The usual path to homemade vegan ice cream is licked with dairy-free milk – almond, coconut, cashew, hemp. But there’s another option that will give you an even richer, richer result: oat creamer.
With their inherent starch content, oats can help thicken and stabilize frozen desserts, keeping ice crystals at bay. Many vegan ice cream recipes call for added starch, such as arrowroot powder or cornstarch, but oat creamer, a relative newcomer to the alternative milk market, eliminates this need.
Another advantage is the mild, subtle taste of oat creamer. Unlike assertive coconut milk, for example, it allows the flavor of the key ingredients to shine through.
In this easy, no-churn peanut butter maple ice cream, the oat creamer and nut butter are tossed in a blender with maple syrup, a pinch of salt, and a dash of vanilla. Then the mixture is transferred to a metal loaf pan and tossed in the freezer, only to be taken out a few hours later—a creamy frozen dessert that resembles the inside of a cup of peanut butter that melts silky smooth on your tongue.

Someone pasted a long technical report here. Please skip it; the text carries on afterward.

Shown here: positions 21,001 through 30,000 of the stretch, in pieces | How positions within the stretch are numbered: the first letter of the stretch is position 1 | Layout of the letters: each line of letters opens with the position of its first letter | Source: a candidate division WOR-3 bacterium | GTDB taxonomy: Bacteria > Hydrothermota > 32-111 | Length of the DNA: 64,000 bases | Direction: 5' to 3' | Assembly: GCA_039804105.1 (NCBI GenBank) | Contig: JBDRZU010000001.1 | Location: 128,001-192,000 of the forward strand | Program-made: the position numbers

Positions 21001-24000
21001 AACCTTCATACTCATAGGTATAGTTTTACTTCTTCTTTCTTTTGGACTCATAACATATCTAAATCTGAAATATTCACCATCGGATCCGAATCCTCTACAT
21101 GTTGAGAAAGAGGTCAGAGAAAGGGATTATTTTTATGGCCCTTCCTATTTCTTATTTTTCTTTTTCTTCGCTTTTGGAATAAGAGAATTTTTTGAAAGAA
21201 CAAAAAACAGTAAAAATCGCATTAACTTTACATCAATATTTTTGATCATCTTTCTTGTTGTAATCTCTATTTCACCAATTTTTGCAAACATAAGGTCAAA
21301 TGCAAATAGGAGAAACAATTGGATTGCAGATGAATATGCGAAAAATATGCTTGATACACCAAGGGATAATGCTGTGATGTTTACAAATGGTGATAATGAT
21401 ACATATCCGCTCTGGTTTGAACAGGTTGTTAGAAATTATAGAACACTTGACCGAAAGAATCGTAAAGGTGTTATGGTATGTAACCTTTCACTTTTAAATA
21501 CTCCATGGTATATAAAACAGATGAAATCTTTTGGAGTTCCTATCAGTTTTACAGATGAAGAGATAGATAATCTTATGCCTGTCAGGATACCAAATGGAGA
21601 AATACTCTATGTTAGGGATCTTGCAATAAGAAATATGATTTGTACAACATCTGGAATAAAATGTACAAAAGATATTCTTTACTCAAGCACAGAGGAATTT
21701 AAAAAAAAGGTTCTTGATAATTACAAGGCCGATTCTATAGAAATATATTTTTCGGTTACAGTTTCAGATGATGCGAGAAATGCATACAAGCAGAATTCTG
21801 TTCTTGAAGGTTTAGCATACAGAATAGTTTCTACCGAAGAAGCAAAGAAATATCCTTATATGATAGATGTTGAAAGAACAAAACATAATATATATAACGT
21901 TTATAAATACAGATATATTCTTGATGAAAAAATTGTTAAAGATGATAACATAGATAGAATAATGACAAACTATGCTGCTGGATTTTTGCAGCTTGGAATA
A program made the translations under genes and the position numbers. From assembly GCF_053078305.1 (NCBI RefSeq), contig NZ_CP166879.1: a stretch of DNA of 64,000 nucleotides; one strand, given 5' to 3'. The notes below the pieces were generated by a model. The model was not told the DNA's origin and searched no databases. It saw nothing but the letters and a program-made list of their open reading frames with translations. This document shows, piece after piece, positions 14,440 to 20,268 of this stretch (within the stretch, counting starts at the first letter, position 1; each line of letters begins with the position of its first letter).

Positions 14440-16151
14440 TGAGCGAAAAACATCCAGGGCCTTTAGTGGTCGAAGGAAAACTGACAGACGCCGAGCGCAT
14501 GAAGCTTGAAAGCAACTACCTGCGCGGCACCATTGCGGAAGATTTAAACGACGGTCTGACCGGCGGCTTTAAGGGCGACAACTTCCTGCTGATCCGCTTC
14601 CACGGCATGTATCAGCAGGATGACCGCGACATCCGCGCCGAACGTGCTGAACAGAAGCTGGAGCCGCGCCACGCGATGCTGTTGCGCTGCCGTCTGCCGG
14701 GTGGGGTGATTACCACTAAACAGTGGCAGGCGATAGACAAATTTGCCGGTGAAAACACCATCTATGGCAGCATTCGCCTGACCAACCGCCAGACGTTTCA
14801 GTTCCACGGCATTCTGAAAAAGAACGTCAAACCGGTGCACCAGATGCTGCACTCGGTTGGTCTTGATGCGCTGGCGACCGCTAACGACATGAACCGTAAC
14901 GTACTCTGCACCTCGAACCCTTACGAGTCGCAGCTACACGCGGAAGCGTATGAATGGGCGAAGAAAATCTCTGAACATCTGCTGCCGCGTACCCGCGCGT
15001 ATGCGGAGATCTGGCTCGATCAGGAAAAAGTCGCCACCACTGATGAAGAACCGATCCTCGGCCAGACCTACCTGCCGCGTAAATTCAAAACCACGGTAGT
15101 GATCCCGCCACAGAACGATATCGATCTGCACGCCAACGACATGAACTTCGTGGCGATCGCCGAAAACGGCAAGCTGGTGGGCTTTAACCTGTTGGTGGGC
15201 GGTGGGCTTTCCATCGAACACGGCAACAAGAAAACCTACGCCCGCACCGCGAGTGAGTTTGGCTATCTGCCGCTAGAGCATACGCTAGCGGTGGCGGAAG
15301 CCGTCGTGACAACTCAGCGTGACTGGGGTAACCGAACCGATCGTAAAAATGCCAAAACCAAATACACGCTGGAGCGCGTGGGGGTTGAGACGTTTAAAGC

The only real cooking is simmering the maple syrup for a few minutes to condense it. This will both increase the maple flavor and evaporate excess water, which can lead to icing.
You can use natural or commercial peanut butter to make this, but the emulsifiers in commercial peanut butter will give your ice cream an exceptionally satiny texture. That said, if you swear by natural peanut butter on your sandwich, you might not mind having the more pronounced nubby crunch in your cone.
Other nut butters (almond, cashew, hazelnut) will work too, if you feel like experimenting. Make sure to choose the ones with no added sugars or you risk a stickier taste.
As with any ice cream – vegan or dairy – scooping will always be much easier if you take the container out of the freezer at least 10 minutes and up to 30 minutes before serving. This will soften the ice cream slightly, but without collapsing into pudding.
If you really want to play up the peanut butter cup link, you can serve this with chocolate of a variety: sprinkles, chips, shavings, fudge sauce, cookie crumbs. But I love to taste unadorned firsts. That way I can fully appreciate the silky smooth texture, which is hard to achieve in homemade vegan ice cream. Until now, yes.